Last week, Time magazine hosted its first Google+ "Hangout On Air,"a video chat that is streamed live to the public and shared via Google+, YouTube and Time.com.
Hangouts On Air are an offshoot of Google+’s standard Hangouts and allow brands to broadcast their group chats live. The New York Times, CBS This Morning
and Conan O’Brien are among the other media brands who have tested the service, which became available to all users in May after a beta launch in 2011.
Time associate social media editor Amy Lombard hosted the hangout, which ran for about 23 minutes, along with Jose Antonio Vargas, writer of Time’s most recent cover story, "We Are Americans-Just Not Legally." Four of the article’s self-described "undocumented American" subjects also joined in.
Prior to the event, Time reached out to its followers on Twitter, Facebook and other social media platforms to solicit questions for the speakers and drive viewership, using the hashtags #askTIME and #WeAreAmericans.
Time, like many of its Time Inc. sister brands, has a substantial presence on social media, touting itself as the number one news brand on Google+, with more than 1.1 million followers, and the number 3 news brand on Twitter, with more than 3.6 million followers. The brand has upwards of 35,000 Foursquare followers, 537,000 Facebook fans and is active on Tumblr, Pinterest, Instagram, YouTube and a newer platform, Stamped, where it shares movie reviews.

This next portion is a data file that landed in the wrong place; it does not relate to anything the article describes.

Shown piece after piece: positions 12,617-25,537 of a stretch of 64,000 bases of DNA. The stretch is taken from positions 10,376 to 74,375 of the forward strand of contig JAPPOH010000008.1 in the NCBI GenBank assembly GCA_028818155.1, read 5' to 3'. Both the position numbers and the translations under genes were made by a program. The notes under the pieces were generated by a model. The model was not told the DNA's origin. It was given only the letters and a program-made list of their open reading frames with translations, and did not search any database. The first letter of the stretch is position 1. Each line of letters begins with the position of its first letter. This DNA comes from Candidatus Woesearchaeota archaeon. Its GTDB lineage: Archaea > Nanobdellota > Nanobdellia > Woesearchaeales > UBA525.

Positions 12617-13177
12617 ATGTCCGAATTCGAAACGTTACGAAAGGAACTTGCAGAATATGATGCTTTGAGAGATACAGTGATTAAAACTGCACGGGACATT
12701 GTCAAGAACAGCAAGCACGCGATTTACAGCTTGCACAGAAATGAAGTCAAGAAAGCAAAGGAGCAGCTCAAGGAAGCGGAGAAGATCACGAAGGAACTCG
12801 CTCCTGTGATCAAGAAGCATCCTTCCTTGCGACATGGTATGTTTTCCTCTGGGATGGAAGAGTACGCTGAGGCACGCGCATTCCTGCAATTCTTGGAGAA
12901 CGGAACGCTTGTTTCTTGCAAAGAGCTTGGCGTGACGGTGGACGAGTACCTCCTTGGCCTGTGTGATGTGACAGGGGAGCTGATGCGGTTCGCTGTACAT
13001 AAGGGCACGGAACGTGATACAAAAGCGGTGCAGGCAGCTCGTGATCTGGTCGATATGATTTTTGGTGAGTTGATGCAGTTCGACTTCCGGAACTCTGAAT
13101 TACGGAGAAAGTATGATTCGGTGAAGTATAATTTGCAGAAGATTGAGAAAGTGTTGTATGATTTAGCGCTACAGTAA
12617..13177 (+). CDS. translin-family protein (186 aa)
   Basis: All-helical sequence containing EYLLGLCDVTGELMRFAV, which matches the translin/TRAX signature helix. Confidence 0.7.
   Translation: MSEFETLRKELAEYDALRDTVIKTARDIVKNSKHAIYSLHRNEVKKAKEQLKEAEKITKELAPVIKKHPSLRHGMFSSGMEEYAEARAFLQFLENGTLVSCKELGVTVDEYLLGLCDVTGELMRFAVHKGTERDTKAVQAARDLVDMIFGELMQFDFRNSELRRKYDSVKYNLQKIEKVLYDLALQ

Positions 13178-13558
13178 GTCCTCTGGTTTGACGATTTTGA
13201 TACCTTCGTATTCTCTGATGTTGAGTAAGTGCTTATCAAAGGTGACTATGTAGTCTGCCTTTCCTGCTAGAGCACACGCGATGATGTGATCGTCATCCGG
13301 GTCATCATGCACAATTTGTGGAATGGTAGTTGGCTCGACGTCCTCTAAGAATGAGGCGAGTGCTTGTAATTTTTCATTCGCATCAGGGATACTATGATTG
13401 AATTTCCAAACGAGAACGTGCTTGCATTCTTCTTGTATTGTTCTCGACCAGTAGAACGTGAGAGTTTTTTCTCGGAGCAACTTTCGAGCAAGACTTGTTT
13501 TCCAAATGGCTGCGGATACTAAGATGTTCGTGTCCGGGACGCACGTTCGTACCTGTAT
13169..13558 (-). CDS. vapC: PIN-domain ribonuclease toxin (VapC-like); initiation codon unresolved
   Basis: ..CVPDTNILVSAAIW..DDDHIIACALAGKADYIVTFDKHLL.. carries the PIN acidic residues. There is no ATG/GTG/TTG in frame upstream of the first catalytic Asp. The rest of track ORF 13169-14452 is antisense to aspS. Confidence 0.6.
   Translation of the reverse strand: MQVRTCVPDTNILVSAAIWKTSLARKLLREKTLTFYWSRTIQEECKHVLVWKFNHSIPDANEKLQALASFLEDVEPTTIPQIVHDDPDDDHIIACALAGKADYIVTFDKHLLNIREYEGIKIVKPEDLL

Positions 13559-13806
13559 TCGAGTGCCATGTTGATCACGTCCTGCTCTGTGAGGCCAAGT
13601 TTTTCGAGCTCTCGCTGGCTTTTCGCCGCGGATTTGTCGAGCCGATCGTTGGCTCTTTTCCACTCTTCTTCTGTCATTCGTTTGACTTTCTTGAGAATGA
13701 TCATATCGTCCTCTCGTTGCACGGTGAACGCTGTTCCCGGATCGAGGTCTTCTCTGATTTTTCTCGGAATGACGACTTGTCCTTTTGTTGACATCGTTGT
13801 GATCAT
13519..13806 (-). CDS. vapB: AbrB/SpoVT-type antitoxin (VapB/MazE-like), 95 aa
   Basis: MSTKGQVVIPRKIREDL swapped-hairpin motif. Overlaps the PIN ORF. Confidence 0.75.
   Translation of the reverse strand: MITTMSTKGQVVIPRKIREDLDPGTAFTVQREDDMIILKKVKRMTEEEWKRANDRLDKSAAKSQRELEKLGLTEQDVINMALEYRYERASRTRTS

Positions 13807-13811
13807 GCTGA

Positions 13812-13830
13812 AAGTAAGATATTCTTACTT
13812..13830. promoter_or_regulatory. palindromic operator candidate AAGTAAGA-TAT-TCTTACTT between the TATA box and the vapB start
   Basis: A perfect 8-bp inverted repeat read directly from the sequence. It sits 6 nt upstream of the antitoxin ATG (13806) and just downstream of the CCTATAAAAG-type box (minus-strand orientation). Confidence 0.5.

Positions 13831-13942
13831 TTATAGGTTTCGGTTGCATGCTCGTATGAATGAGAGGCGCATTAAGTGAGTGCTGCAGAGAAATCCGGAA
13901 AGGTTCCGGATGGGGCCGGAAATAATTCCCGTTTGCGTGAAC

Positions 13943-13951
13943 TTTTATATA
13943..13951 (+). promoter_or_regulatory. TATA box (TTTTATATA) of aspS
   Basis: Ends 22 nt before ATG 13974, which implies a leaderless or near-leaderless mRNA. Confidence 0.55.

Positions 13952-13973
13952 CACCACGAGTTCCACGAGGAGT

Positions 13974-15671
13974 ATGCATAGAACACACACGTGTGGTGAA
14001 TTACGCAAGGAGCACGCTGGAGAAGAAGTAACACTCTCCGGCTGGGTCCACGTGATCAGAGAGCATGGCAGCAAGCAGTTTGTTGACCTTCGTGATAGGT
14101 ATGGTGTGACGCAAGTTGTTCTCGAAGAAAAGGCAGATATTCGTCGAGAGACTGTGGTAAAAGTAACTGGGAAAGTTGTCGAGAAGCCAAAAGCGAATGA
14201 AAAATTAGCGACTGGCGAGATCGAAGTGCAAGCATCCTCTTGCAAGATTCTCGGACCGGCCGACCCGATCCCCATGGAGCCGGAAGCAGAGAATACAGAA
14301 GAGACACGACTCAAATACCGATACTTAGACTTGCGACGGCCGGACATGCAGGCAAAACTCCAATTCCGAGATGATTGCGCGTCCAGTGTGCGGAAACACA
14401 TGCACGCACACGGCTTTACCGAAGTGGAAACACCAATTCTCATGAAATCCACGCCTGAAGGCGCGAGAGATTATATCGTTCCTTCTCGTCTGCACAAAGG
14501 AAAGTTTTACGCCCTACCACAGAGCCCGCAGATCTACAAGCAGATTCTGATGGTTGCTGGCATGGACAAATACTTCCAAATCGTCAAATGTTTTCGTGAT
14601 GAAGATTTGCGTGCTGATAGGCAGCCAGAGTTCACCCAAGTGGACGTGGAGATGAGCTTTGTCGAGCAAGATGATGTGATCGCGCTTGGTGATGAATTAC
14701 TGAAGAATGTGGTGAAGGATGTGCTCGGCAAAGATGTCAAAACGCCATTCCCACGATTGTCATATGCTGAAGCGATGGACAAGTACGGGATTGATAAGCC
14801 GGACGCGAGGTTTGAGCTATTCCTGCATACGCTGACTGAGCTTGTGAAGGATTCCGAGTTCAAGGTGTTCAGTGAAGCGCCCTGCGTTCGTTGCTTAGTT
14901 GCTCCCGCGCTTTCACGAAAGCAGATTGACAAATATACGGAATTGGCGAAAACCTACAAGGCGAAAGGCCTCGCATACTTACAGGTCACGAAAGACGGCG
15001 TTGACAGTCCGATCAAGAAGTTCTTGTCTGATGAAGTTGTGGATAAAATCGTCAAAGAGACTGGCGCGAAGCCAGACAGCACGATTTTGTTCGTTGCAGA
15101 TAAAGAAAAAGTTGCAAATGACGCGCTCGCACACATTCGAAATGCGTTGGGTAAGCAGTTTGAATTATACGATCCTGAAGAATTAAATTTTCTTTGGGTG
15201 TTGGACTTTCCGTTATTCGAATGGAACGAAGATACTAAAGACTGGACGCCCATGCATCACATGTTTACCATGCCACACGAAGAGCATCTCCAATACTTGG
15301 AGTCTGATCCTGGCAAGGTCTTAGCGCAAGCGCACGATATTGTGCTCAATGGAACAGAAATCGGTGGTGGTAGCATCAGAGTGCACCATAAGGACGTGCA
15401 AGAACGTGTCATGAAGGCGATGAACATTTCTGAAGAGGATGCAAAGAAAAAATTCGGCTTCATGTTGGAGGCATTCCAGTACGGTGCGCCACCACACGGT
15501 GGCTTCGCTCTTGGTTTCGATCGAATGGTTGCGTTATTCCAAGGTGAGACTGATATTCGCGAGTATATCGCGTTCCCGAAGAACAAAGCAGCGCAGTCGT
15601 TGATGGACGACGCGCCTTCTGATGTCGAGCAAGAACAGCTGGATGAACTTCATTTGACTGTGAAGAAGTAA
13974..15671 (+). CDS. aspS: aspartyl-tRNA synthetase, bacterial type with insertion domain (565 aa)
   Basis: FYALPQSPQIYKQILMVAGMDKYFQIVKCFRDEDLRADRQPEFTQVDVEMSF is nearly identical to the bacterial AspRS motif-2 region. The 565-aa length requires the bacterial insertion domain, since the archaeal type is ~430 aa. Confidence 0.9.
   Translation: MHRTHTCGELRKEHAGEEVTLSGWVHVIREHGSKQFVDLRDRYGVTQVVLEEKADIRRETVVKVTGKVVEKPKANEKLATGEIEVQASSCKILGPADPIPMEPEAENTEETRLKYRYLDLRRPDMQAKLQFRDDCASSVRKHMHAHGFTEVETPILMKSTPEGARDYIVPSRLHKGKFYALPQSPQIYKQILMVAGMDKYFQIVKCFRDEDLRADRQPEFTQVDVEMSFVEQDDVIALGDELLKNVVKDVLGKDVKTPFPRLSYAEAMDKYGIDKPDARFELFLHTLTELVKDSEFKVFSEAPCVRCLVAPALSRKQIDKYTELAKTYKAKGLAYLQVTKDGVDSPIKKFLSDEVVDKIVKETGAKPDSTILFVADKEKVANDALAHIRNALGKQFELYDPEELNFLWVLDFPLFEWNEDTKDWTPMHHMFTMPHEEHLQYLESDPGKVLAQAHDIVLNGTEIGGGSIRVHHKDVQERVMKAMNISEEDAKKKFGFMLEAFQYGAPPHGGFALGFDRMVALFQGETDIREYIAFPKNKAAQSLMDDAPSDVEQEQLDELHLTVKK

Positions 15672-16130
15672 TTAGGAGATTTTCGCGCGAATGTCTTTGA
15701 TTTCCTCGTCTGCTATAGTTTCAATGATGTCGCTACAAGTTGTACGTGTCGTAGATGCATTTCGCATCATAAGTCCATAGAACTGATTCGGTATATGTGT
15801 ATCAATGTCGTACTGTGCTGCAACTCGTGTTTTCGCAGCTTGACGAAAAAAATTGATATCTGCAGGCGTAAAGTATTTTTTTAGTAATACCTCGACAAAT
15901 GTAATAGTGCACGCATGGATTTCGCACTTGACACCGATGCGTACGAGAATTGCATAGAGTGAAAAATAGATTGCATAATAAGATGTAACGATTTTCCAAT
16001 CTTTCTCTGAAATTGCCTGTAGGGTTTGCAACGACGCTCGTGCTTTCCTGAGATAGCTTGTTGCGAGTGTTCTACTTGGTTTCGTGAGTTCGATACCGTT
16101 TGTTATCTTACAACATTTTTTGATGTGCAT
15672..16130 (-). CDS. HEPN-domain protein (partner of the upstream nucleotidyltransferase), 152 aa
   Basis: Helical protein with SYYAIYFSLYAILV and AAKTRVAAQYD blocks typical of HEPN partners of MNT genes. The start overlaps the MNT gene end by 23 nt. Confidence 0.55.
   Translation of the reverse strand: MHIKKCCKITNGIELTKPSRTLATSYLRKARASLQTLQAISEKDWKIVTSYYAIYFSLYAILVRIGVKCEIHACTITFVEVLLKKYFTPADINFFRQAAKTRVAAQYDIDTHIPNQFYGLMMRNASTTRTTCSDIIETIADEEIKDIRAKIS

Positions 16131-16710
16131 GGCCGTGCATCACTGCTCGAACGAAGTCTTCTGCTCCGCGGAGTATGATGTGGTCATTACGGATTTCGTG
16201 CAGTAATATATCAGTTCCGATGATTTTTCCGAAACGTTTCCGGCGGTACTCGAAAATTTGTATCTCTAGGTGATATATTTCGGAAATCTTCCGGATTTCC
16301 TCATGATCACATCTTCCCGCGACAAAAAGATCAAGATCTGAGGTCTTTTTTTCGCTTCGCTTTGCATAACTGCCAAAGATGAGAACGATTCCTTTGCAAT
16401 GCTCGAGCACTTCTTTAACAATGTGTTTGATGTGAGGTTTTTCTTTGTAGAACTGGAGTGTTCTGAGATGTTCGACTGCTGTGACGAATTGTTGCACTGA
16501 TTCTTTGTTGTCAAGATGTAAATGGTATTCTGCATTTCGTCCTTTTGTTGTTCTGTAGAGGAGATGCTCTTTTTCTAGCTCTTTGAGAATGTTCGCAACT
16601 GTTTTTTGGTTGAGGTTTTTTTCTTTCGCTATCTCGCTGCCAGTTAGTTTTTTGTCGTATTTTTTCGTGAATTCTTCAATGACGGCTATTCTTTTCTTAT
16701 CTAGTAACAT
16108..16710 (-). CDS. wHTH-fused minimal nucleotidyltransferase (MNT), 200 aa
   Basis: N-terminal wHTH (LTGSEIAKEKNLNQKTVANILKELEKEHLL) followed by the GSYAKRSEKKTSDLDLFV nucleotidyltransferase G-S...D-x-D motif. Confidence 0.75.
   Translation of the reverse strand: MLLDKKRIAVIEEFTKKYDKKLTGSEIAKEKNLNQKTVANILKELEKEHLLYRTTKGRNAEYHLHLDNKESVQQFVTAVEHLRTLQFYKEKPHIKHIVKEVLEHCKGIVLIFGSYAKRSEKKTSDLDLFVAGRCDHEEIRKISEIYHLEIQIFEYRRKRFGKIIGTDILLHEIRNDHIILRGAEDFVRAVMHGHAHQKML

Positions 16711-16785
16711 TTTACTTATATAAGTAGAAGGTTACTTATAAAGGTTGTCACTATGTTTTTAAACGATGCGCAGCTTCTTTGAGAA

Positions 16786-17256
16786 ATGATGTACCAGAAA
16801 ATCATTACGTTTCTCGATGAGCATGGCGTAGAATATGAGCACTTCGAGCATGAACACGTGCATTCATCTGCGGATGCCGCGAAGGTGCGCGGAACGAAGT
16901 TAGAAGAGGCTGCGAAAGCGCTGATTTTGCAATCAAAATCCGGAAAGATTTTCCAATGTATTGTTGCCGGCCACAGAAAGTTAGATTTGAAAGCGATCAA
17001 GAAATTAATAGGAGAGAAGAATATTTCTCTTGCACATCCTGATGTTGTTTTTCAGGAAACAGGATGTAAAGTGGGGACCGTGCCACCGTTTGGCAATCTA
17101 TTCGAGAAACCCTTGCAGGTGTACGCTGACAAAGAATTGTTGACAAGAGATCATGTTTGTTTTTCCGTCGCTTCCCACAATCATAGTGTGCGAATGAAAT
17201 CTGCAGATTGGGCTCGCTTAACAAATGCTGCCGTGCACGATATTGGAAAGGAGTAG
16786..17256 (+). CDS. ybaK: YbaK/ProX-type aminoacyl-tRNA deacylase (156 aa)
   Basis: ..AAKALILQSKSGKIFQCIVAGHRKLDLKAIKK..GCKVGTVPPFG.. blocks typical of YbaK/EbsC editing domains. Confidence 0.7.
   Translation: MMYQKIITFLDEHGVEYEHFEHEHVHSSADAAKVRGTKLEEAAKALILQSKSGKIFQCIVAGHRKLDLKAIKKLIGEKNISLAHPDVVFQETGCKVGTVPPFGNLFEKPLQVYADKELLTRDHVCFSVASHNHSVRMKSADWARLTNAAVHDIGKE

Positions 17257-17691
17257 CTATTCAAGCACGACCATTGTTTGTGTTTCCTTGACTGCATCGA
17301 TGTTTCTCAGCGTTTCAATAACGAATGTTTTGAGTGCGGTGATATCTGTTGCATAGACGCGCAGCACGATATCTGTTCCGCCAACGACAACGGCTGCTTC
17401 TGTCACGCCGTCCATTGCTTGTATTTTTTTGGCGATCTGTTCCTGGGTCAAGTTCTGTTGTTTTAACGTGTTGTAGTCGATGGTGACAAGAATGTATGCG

But these on-air hangouts are very different from what the other networks are offering—at least for now, says Cathy Sharik, managing editor of Time.com, who adds that testing out what’s new and exciting is an important part of Time’s larger social media strategy.
"It was a trial," Sharick tells Folio:. "There are definitely some things we would do differently next time, but it was a big success in that we got these cover subjects to come to life and were able to bring people together from New York City, DC and across the country. We would have never been able to do that otherwise."
A lesson learned, according to Sharick, is to start early in reaching out to followers and figuring out which cover stories might work best.
Going forward, Sharick says, Time is considering additional On Air hangouts for its election and Olympics coverage, as well as its list franchises. Time hosted a non-On Air hangout in December 2011 on violence and video games.
While Pinterest has been dominated—at least in the U.S.—by women, Google+ has been known for attracting more male than female users, especially from the tech field, but Sharick says that as the network grows, the demographics are changing, drawing more people with specific interests.